It was in this courtyard, after Julia Gillard deposed him, that he gave his emotion-charged news conference on June 24, 2010 (in which, to his chagrin, he “blubbered”). He hasn’t appeared there since he regained the leadership.
The symbolism is important. Rudd is a man possessed. He has politically slain his Labor opponent, rectifying the wrong he believes done to him. Now he’s set on doing the same to Tony Abbott, who had him on the ropes in 2010, though they never faced off at an election.
There was another reason we were in that courtyard. Rudd wants to tell people he’s learned. That he’s the old Kevin they voted for in 2007, but better for what he’s been through. “You the Australian people over the years have seen me at my highest highs, and some of my lowest lows. You have witnessed some of those moments right here, in the place we are standing now in Parliament House in Canberra.
“Moments that I will never forget, because whether they were good or bad, they have certainly made me a much stronger person. I think as a result, you the Australian people know me pretty well – warts and all.”
Like John Howard in 2004, when “trust” was an issue for the Coalition, Rudd has declared “trust” central to this election. Both Howard and Rudd pitched their “trust” appeals around economic management. Howard had had some trust issues of his own (children overboard); Rudd is directly confronting the “trust” problem Labor has had under his predecessor.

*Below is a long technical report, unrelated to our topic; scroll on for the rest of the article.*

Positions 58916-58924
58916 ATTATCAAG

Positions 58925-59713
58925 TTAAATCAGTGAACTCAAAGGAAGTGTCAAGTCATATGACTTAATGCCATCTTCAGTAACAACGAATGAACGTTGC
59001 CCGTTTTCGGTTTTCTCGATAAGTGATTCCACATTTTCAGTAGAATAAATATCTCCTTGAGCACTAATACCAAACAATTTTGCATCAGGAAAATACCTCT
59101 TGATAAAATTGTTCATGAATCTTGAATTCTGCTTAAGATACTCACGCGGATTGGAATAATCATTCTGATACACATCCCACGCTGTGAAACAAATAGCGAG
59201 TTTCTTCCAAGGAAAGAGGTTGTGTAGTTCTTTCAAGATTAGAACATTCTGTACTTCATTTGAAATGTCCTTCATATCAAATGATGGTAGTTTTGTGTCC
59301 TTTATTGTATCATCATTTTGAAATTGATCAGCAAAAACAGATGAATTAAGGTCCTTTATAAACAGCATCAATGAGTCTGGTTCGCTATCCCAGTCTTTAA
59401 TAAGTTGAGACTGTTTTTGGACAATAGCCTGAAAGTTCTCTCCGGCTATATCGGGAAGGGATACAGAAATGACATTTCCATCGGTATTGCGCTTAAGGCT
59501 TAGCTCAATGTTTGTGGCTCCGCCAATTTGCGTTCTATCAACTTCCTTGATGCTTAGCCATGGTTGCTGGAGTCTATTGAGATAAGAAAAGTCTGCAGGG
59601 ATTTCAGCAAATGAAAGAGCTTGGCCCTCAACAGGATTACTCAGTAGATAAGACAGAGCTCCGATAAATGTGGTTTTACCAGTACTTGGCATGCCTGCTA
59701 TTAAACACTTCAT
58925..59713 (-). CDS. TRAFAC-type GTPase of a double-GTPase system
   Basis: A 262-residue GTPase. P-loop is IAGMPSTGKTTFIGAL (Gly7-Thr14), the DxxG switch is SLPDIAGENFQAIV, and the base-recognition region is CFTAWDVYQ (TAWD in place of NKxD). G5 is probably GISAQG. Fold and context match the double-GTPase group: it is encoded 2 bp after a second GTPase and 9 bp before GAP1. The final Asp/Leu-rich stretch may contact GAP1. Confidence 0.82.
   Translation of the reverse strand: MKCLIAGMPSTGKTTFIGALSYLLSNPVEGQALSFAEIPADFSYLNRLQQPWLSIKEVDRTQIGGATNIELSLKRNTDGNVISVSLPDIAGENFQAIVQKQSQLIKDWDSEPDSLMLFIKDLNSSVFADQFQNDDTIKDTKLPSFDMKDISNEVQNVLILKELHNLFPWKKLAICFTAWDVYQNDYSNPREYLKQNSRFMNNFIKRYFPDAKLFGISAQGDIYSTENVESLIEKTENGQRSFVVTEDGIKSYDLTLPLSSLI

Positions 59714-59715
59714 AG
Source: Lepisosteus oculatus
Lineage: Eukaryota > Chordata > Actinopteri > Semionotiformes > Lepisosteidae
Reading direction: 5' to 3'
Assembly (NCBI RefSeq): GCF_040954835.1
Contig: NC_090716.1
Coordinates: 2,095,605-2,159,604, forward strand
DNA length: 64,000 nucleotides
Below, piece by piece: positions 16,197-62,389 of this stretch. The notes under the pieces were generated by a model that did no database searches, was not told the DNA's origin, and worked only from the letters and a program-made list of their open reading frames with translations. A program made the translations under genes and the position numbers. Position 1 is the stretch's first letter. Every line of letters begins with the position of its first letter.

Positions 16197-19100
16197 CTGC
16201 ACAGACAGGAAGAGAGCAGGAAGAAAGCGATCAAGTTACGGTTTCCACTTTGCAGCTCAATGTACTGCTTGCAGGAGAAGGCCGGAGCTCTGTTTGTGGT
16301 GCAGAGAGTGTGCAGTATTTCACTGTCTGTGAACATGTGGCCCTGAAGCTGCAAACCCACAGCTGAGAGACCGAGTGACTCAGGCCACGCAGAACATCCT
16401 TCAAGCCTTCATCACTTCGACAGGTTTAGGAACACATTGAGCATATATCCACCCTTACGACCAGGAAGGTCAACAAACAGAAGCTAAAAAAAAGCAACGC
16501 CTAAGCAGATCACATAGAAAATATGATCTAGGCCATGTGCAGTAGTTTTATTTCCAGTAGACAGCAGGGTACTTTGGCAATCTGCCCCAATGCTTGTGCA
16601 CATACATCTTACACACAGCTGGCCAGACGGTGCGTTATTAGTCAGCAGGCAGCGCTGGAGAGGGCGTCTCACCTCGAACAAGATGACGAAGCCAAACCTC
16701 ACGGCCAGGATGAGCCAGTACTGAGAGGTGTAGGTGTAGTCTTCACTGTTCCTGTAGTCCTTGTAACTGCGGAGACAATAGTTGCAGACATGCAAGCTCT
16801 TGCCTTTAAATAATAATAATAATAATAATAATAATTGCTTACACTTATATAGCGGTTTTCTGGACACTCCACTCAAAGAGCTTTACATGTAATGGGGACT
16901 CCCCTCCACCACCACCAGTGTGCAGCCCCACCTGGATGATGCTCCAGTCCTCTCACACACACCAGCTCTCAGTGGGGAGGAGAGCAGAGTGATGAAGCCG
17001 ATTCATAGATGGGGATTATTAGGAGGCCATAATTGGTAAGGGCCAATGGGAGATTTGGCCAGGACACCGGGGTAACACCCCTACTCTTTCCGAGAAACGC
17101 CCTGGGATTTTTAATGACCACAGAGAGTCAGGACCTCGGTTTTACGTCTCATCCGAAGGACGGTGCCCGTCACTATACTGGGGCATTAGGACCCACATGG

He is also taking on Labor’s chief point of vulnerability – the opposition’s claim of a “debt and deficit” crisis. If there’s a crisis, he kept asking, how come we’re one of the few countries with a triple A credit rating?
In some five weeks' run-up to this campaign, Rudd has done a remarkable amount of ground work. He has negotiated a deal with Papua New Guinea to take all boat arrivals, and one with Nauru so that families who can’t be sent to PNG for health reasons can go to Nauru. He’s pledged to bring forward the conversion of the carbon tax into an emission trading scheme.
This weekend he’s got Victoria over the line on Gonski and Western Australia into the national disability scheme.
In these weeks, Tony Abbott has been forced onto the defensive, scampering around. He’s produced new iterations of his asylum seeker policy to try to appear as or more hairy-chested than Rudd. On Friday he did a spectacular somersault on Gonski; even he must have felt embarrassed as he declared himself on "a unity ticket" with the prime minister over the scheme he had condemned for months.
Abbott points to Labor’s turnover of policies and personnel, and contrasts that with the stability on his side. In the days ahead he will have to show that the Coalition’s numbers add up, and fend off Rudd’s massive scare claim that he would preside over an austerity program driving the economy into the ground and many more people out of work.